Retrospective: Final Destination 3 (2006)

Welcome back, good readers, to Part 3 of the Final Destination retrospective! In this post we’re going to cover the next entry in the series, Final Destination 3. If you haven’t read the previous 2 entries in this series, then I would recommend that you do so to get up to speed and see how this franchise has changed over the years. Did this entry improve on the formula after the disappointing Final Destination 2? Well, read on to find the answer to that…

Final Destination 2 was pretty terrible, and really wasted the promise that the original contained, trading that out for laughs and gore. Perhaps the producers and folks at New Line Cinema realized this and ended up getting James Wong back on board for the third entry in the series. Promisingly, Wong was both writing and directing, so with any luck the crew who crafted the first film would be able to put it back on track (so to speak), right?

Umm, well no, not exactly.

First off, this is the point where the series really embraced its formula and became a straight-up slasher film. Aside from the leads, death is almost never subverted, so the middle section of the film is basically just scenes of people getting killed in sequence. This could have totally destroyed any sense of suspense that the film could try to establish, but there’s a bit of a twist: suspense no longer comes from wondering if Death is going to kill his victims, but rather how. This is done in an odd manner (Death hid hints in some… photographs? Dammit Death, you bloody photobomber!), but it does invoke a sense of morbid curiosity.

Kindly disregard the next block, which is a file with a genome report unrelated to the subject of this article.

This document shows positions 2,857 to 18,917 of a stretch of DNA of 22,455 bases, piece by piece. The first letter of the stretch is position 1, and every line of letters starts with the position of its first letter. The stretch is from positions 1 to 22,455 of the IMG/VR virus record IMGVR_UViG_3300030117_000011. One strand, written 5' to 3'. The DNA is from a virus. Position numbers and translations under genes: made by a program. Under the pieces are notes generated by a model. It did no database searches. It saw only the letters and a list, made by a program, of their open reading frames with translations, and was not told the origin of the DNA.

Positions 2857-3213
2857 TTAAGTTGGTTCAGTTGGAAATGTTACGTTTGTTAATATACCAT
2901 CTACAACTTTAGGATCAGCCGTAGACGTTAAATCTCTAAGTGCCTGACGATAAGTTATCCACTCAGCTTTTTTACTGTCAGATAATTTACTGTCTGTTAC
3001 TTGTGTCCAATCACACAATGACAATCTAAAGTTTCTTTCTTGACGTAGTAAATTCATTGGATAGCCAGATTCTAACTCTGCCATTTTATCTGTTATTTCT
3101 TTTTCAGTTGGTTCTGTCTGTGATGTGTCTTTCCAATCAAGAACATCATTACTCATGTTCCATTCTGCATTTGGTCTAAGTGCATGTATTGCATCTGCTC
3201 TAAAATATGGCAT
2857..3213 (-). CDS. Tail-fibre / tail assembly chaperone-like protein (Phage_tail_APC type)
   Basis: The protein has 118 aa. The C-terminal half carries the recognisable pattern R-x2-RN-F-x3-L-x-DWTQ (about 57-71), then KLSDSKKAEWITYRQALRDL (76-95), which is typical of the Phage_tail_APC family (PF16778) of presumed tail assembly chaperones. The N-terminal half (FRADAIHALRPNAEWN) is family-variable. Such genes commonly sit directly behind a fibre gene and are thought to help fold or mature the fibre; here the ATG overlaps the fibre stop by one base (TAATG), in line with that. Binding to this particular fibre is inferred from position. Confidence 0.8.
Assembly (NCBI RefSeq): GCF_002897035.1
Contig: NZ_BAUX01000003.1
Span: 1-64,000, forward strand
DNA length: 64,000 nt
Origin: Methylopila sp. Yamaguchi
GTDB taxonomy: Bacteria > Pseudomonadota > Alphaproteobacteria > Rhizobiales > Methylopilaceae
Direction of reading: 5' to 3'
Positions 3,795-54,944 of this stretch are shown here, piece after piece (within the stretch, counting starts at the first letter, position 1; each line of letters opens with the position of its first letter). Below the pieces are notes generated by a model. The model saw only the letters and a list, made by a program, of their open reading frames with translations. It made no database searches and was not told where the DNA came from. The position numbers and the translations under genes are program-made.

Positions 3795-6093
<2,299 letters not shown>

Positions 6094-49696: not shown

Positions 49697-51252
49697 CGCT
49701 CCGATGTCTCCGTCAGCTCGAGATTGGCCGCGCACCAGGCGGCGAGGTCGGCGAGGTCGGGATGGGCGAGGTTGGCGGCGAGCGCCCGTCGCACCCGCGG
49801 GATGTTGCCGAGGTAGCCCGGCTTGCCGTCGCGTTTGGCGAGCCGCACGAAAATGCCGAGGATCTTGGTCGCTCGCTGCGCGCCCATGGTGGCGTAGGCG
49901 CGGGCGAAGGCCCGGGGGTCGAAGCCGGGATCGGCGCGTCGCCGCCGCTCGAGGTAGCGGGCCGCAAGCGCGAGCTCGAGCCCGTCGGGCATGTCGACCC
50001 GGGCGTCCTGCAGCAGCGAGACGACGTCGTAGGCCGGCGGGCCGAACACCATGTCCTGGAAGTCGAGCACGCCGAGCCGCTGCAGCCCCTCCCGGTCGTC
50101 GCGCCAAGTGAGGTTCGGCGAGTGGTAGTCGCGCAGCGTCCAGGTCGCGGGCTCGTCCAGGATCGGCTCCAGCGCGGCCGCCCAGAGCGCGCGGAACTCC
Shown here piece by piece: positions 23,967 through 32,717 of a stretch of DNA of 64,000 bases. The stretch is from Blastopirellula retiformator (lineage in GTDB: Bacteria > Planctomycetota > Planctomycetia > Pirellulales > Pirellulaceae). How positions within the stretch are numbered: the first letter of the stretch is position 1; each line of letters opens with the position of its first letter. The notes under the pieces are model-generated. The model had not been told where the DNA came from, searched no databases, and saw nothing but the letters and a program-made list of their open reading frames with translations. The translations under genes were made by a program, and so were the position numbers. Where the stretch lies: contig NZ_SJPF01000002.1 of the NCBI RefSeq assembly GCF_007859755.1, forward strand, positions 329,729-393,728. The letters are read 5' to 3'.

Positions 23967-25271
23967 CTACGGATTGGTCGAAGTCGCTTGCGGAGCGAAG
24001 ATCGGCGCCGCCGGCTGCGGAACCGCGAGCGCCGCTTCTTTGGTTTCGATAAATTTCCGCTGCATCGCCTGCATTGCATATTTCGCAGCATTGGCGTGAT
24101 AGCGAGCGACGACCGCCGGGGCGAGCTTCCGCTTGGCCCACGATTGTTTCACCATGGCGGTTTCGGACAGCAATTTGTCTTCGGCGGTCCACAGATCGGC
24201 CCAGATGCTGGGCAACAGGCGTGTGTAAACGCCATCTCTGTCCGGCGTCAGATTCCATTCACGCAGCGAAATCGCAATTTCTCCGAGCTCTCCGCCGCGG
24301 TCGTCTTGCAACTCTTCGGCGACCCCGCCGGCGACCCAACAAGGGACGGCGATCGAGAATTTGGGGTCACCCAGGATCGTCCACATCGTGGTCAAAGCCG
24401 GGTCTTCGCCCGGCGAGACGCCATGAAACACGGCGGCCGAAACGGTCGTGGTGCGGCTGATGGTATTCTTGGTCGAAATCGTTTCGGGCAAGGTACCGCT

Considering that this is a Final Destination movie, it should also be noted that the opening disaster was a strange choice. On one hand, it makes sense – a lot of people are afraid of roller coasters, so you can prey on that phobia – but on the other, it comes across as rather silly. In fact, the film is pretty silly overall: bimbos get killed in a tanning bed, a guy’s head gets torn up by an errant flying motor, a football player’s head gets crushed by his weight machine, etc. Compounding this problem is the decision to set the story in a high school setting. Yeah, the other 2 films in the series had followed high schoolers (or possibly early college in the second movie), but they didn’t center their actual story around that setting, it was merely in the background. Unfortunately, Final Destination 3 revels in high school horror and all that that entails – there’s the usual social cliques for each of the characters (jocks, preps, goths, etc) and the romance subplot you can expect in basically every high school movie. Most of the characters are now totally throw-away and exist only to get killed to sate our bloodthirsty appetite… especially Frankie Cheeks. Good God, he is by far the most grating character in the entire series.